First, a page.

Saturday, May 7, 2011

Restart Application With Administrative Rights

In an older post I showed, how to provide a C# application with administrative rights. For this though a file, the application manifest file, was needed.
Responding to a reader's request I want to present a little trick, how to equip an application with code alone with this rights.
Necessary for this is the class System.Diagnostics, which can start a process with any arguments. So we let, if the application is started with normal rights, restart itself with administrative rights.
To avoid an infinite loop, we add a new command line argument to the call.
The following code should demonstrate this idea:

private void Form1_Load(object sender, EventArgs e)
    string[] CommandLineArgs = Environment.GetCommandLineArgs(); // read-out command line arguments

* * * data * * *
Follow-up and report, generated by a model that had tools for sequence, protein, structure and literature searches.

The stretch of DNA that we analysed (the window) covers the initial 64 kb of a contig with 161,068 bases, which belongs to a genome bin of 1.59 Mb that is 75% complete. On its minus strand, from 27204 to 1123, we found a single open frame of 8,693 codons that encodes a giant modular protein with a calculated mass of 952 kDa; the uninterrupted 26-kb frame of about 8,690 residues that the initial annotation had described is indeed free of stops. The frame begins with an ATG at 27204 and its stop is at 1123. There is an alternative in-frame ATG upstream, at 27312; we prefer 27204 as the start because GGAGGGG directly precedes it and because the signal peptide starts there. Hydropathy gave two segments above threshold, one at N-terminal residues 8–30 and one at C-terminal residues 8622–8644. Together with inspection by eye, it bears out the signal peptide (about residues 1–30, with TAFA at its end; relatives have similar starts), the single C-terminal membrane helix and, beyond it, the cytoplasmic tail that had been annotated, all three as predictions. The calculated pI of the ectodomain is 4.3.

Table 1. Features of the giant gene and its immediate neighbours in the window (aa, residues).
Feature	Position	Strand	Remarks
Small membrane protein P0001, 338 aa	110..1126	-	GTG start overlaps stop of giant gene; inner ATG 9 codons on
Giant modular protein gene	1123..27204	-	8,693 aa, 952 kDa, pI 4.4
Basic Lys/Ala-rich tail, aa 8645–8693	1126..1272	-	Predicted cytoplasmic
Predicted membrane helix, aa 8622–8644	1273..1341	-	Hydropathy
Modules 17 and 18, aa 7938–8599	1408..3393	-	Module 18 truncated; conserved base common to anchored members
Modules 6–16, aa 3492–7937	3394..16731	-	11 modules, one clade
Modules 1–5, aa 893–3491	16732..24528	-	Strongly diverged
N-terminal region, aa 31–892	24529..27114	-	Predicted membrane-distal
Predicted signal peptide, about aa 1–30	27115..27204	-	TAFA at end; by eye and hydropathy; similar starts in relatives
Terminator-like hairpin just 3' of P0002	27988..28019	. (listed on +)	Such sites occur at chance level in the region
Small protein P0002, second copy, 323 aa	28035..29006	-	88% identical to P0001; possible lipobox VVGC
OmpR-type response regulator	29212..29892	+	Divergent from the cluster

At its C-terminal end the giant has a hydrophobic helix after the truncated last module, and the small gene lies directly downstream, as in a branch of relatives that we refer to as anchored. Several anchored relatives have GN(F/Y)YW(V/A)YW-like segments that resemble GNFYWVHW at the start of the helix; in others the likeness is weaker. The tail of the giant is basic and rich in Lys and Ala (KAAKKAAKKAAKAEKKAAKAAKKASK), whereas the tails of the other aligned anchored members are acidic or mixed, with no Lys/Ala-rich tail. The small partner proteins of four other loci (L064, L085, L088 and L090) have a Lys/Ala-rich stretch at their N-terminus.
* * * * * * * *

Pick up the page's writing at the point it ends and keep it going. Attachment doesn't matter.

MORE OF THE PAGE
if (CommandLineArgs.Length <= 1 || CommandLineArgs[1] != "restarted"// if the 2. argument (the 1. is always the file path) != restarted, the program has not been restarted yet
        ProcessStartInfo ProcessInfo = new ProcessStartInfo(Application.ExecutablePath, "restarted"); // set process information, application path and "restarted"
        ProcessInfo.Verb = "runas"// command for exectution as administrator
        Process.Start(ProcessInfo); // start process with the desired isettings
        Environment.Exit(0); // if the argument "restarted" was set, exit to avoid infinite loop

Friday, May 6, 2011

Get Command Line Arguments

Generally programs in Windows can be called with various arguments, which are called command line arguments.
For example some programs can be called directly with the file which is to be opened.
In console applications this arguments are directly accessible as parameters of the function Main().
In Windows Forms Application they are not, but we can get them with the function Environment.GetCommandLineArgs(), which returns the command line arguments as an array of the stype string.
The following code reads-out the passed arguments at program start:

string[] CommandLineArgs = Environment.GetCommandLineArgs();

As you can see, as first parameter always path and name of the executing program is  set.